New Yorkers coming from Latin America may have been nurses, lawyers, teachers, government officials, or political dissidents before arriving in the city. Both professionals from the city and peasants from the country make the same neighborhoods their second home. The Bronx, Queens, parts of Brooklyn or Manhattan, Latino communities add to sights & sounds of the city. Nearly one-third of NYC is from a Latino background. It should be difficult to imagine missions & Latin America and not to also think of New York.
New York City is a hub for all of Latin America. Shortly after the Argentinian economy collapsed in 2001-2002, English students from Colombia attending classes in a neighborhood in Queens reported that many of the new students in their class were from Argentina. Many of the earliest Puerto Ricans to call NYC home arrived following the Spanish-American War at the end of the 19th Century. There have been migration waves to New York from several different Latin American nations during different periods over the last century. Today, New York City is, among other things, a multinational center for diverse Latin American cultures.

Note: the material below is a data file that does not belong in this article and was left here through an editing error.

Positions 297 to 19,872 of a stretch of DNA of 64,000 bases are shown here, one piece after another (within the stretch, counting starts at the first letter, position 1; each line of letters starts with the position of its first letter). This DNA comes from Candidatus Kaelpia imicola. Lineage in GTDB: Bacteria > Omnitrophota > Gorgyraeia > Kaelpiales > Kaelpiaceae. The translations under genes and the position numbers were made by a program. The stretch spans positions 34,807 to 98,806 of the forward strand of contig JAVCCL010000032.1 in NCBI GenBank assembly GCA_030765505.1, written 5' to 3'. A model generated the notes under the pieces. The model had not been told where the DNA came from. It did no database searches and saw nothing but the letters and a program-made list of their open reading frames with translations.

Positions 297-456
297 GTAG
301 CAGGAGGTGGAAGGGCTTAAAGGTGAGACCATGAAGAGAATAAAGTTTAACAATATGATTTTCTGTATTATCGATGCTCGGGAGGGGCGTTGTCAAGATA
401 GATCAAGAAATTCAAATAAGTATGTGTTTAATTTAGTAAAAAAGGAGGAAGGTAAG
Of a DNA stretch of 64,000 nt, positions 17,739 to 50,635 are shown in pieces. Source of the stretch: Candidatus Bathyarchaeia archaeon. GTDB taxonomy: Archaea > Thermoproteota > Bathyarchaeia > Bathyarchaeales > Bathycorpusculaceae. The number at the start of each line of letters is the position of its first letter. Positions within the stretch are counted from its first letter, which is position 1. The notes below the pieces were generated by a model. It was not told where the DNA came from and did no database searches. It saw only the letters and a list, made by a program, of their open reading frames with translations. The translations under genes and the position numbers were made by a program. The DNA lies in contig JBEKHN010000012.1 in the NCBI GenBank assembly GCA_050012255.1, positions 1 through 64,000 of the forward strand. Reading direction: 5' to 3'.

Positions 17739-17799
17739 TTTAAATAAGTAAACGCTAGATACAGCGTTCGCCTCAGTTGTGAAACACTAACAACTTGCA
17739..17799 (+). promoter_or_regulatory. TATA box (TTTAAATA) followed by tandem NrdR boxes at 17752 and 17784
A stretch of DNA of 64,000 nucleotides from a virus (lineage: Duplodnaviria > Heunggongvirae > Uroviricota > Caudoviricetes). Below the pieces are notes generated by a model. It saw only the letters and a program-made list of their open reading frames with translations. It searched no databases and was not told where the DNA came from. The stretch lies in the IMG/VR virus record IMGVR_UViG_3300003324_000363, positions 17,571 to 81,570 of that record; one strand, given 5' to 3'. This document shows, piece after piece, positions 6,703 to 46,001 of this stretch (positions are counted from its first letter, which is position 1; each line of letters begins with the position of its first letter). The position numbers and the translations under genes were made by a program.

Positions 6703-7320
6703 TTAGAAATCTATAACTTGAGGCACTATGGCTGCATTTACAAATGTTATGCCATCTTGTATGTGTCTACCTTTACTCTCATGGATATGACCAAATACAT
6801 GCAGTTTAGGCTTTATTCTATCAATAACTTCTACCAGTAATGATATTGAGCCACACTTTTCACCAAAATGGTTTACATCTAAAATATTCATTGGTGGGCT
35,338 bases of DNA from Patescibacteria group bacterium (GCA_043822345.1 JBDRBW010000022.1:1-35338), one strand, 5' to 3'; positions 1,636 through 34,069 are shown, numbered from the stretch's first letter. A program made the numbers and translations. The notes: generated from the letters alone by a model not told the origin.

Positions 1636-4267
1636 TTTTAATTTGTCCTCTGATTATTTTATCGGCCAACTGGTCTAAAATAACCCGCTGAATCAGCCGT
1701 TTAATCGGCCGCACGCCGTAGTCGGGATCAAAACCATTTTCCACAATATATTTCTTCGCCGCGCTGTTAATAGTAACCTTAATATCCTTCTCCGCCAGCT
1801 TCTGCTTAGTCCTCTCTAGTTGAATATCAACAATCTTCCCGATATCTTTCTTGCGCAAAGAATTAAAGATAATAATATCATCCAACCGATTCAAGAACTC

If someone loves the people, the language, the rhythms, the tastes, and story of Latin American nations & cultures, New York City is a unique hub where someone may encounter representatives from every corner of the Latin American world.